Three Games for Book Lovers to Play on Dewey Decimal System Day

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Lore Masters is our show that explores the passion between worlds with host Ryan Green as he guides us through the histories and fandoms of all the biggest geek properties, along with creators and enthusiasts. Airing every Thursday on Alpha and Twitch, yesterday’s show was all about Christopher Pike books, and next week Ryan will be will be exploring Tolkien lore with guest Jason Charles Miller.  It’s perfect timing since both episodes effectively bookend Dewey Decimal System Day – a day where librarians and book lovers celebrate the system by remembering its creator, Melvil Dewey. Born on December 10th in 1851, Dewey is known as the architect of the most influential organizational system for libraries, helping libraries maintain a sense of order as the years pass. 

In recognizing Dewey Decimal System Day, we thought it perfectly thematic to pull out our book-themed games.  These three titles are perfect for bibliophiles can play at home or at their favorite library.

Bring Your Own Book

If you’ve played Apples to Apples or Cards Against Humanity, then you’re familiar with the basic gist of Bring Your Own Book (BYOB): each round one player acts as judge and reveals the prompt card while the other players play a word, phrase, or sentence related to the prompt. There’s one big difference, though, that sets BYOB apart: there are no answer cards! Players use their books to find words, phrases, or sentences that best suit the prompt. With only 60 seconds each round there isn’t much time to find the perfect submission, even if you’ve practically memorized your book.

You can try to be serious, funny, literal, bizarre, or meta with your answers; it depends on the judge and what they deem is acceptable. After your allotted time is up, you and your opponents read your selections then the judge announces their winner for the round.

It’s a blast searching The Great Gatsby for an answer to “Words tattooed on someone’s body” or Fifty Shades of Grey for a response to “The slogan on a bumper sticker.” Gamers and non-gamers alike will be talking about BYOB long after playing.


Casual gamers who love books will love Biblios, too, since it takes the basic structure of the classic For Sale, adds new elements and infuses a book-related theme to it.  Like For Sale, Biblios has two phases, each consisting of several rounds. During the first phase, players draw cards, one at a time, placing them into their hand, face-up for their opponents, or face-down for the auction in phase two.

After the deck is exhausted, the second (auction) phase begins. The cards placed here from the first phase are purchased with the cards in your hand. For example, if you’re looking to gain the edge in blue-colored books and a blue card shows up, you may bid as high as you can afford. If you win, you’ll add it to your hand.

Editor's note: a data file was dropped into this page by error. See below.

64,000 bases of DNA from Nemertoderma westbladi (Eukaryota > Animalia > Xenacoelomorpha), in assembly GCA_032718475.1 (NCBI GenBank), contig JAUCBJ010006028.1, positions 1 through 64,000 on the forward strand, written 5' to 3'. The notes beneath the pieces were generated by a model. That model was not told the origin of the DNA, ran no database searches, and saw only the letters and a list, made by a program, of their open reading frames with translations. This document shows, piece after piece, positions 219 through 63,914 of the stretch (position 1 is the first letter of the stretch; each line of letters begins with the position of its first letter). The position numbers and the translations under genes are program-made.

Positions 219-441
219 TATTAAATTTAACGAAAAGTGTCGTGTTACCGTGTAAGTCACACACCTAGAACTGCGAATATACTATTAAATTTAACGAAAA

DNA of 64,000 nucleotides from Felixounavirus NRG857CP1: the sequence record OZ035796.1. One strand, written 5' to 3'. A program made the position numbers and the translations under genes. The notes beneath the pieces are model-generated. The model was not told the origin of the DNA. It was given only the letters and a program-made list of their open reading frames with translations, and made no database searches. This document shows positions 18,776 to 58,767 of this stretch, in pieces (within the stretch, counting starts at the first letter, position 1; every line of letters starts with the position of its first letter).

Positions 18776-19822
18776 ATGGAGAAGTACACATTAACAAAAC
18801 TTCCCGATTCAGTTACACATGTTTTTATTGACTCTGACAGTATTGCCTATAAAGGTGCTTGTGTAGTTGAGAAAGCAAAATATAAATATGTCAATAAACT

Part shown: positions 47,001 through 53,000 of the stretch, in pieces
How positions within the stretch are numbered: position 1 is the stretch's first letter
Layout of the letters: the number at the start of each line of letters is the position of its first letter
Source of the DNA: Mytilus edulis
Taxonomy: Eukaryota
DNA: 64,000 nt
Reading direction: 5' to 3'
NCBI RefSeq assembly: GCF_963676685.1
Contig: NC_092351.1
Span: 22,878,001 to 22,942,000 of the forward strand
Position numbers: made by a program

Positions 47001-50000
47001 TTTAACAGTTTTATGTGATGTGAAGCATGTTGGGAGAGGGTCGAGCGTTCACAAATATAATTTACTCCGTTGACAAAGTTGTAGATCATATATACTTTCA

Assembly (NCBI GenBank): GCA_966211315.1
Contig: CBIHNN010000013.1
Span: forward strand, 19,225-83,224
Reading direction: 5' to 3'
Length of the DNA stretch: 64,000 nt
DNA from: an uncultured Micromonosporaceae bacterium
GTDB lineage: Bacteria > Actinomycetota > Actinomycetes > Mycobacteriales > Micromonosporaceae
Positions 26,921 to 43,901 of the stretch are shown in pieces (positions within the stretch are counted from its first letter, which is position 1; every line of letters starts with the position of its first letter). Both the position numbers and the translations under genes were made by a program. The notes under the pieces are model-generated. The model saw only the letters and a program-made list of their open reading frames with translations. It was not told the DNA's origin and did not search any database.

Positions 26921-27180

Biblios has a neat economic mechanism that sets it apart from For Sale: whenever a church card appears, the active player must follow its instructions to change the market value of one book category. After all of the cards have been sold off, the game ends and players count up their points. For each book category, the player with the most of those particular books will claim the die that’s on the scoring track. Most points is the greatest “tome raider” of them all.

Ex Libris

Ex Libris is for the more serious gamer, but its smooth and intuitive play will appeal to new gamers as well. You’re a collector of rare books in this worker placement game that includes set collection, individual player powers, and puzzle-solving as you try to find space on your shelves for all of your valuable acquisitions.

On your turn, you’ll place one of your workers on a board and perform the action. These will give you cards for your hand, the ability to play the card onto your shelves, and other actions. Placing books onto your shelves requires a keen eye due to the adjacency rules: books must be placed in alphabetical order and for those books with the same letter, they must be shelved in numerical order. Melvil Dewey would be proud!

Best of all, after a game of Ex Libris, you’ll have shelves full of cleverly crafted books. Hilarious titles like “Swords and Other Sharp Objects” and “Dungeon Decorating for Dummies” are amusing touches and welcome nods to us bibliophiles.

What are your favorite book-related games? Tell us in the comments! 

Looking for more games for book-lovers?

Image Credits: Ruel Gaviola

Ruel Gaviola is a writer and educator based in Southern California. He loves board games, books, cooking, traveling, date nights with his wife, and Star Wars. He reviews games and reports news for and his name rhymes with Superman’s Kryptonian name. Follow him on  Twitter.

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